The B.C. government is appointing three new provincial court judges to ensure the court has the resources that it needs to continue to provide access to justice.
Effective dates for the appointments are Feb. 24, 2016, for Judge Eugene Jamieson, Jan. 14, 2016, for Judge Wilson Lee and Jan. 11, 2016, for Judge N. Philip Seagram.
During Jamieson's 27 years in the legal profession, he has practised in all levels of B.C. courts. After graduating in law from the University of Manitoba, Jamieson earned a master’s degree from the University of British Columbia (UBC). His career has included research, teaching and private practice. Since 2002, Jamieson has been legal officer for the Office of the Chief Judge, Provincial Court of B.C.
Lee’s legal career encompasses 24 years of experience with criminal, family and civil litigation, as well as real estate, personal injury and builders’ lien litigation. After receiving his law degree from UBC, he worked with a number of small- to medium-sized law firms and, since 2001, has been a lawyer with the Family Maintenance Enforcement Program in both the provincial court and B.C. Supreme Court.
Seagram has practised criminal law in Vancouver, the Fraser Region, Penticton and Nelson since his graduation from the University of Victoria faculty of law. In addition to his career as Crown counsel, he has worked in private practice and been a member of the Mental Health Review Board. An active volunteer in his community, Seagram has been involved as a coach, referee and fundraiser for youth hockey, soccer and gymnastics clubs.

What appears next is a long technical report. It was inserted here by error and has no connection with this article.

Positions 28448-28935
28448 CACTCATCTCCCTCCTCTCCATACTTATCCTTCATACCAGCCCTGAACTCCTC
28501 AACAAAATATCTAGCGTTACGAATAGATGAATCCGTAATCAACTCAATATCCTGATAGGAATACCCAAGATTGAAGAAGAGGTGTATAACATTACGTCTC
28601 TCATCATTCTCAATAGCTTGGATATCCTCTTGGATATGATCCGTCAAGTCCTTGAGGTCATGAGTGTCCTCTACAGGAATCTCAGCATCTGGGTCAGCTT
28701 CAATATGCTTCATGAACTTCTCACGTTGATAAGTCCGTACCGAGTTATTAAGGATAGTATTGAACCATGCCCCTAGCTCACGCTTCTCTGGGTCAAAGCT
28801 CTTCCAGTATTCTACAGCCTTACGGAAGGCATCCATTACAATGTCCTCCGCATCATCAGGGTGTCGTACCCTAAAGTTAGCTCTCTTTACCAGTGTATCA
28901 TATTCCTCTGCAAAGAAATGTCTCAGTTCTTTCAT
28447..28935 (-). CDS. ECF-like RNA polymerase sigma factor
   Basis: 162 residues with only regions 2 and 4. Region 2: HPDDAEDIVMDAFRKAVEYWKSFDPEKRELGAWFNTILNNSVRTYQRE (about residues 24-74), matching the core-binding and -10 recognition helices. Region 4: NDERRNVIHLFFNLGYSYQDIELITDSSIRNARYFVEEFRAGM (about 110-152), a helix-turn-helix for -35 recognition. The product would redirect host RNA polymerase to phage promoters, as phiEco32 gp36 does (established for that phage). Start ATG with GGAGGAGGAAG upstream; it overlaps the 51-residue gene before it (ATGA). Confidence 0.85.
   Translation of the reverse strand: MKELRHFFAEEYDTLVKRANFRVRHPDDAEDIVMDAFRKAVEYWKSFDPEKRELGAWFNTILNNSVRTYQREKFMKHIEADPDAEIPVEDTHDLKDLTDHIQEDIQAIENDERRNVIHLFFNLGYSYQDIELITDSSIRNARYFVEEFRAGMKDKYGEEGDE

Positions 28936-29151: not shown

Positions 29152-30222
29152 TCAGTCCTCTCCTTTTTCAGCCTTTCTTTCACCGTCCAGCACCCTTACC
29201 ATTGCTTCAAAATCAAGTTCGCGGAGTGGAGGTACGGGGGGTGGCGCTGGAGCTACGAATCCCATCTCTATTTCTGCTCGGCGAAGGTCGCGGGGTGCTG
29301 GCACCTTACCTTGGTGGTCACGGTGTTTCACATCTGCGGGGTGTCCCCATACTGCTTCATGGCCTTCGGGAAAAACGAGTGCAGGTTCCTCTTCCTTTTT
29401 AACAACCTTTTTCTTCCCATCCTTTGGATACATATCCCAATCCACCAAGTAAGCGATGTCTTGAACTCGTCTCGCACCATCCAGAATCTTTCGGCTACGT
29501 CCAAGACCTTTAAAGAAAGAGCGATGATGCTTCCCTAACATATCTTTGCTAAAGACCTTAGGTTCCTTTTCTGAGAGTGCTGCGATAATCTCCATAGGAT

Because of the diversity, experience and knowledge of its judges, British Columbia’s judicial system is recognized as one of the best in the world. The judges will be assigned to locations determined by the chief judge to meet the needs of the court.
- In 2015, 15 judges have been appointed to address recent retirements and vacancies.
- British Columbia has about 150 provincial court judges who serve more than 80 court locations.
- Although judges are located in a judicial region, many travel regularly throughout the province to meet changing demands.
- How judges are appointed:
- Interested lawyers apply and the B.C. Judicial Council – made up of a chief judge, provincial court judges, lawyers and lay people – reviews the candidates.
- The council recommends potential judges to B.C.’s Attorney General, with the final appointments made through an order-in-council.
Information about the judicial appointment process: www.provincialcourt.bc.ca/about-the-court/judicial-officers/judges-court
Ministry of JusticeGovernment Communications and Public Engagement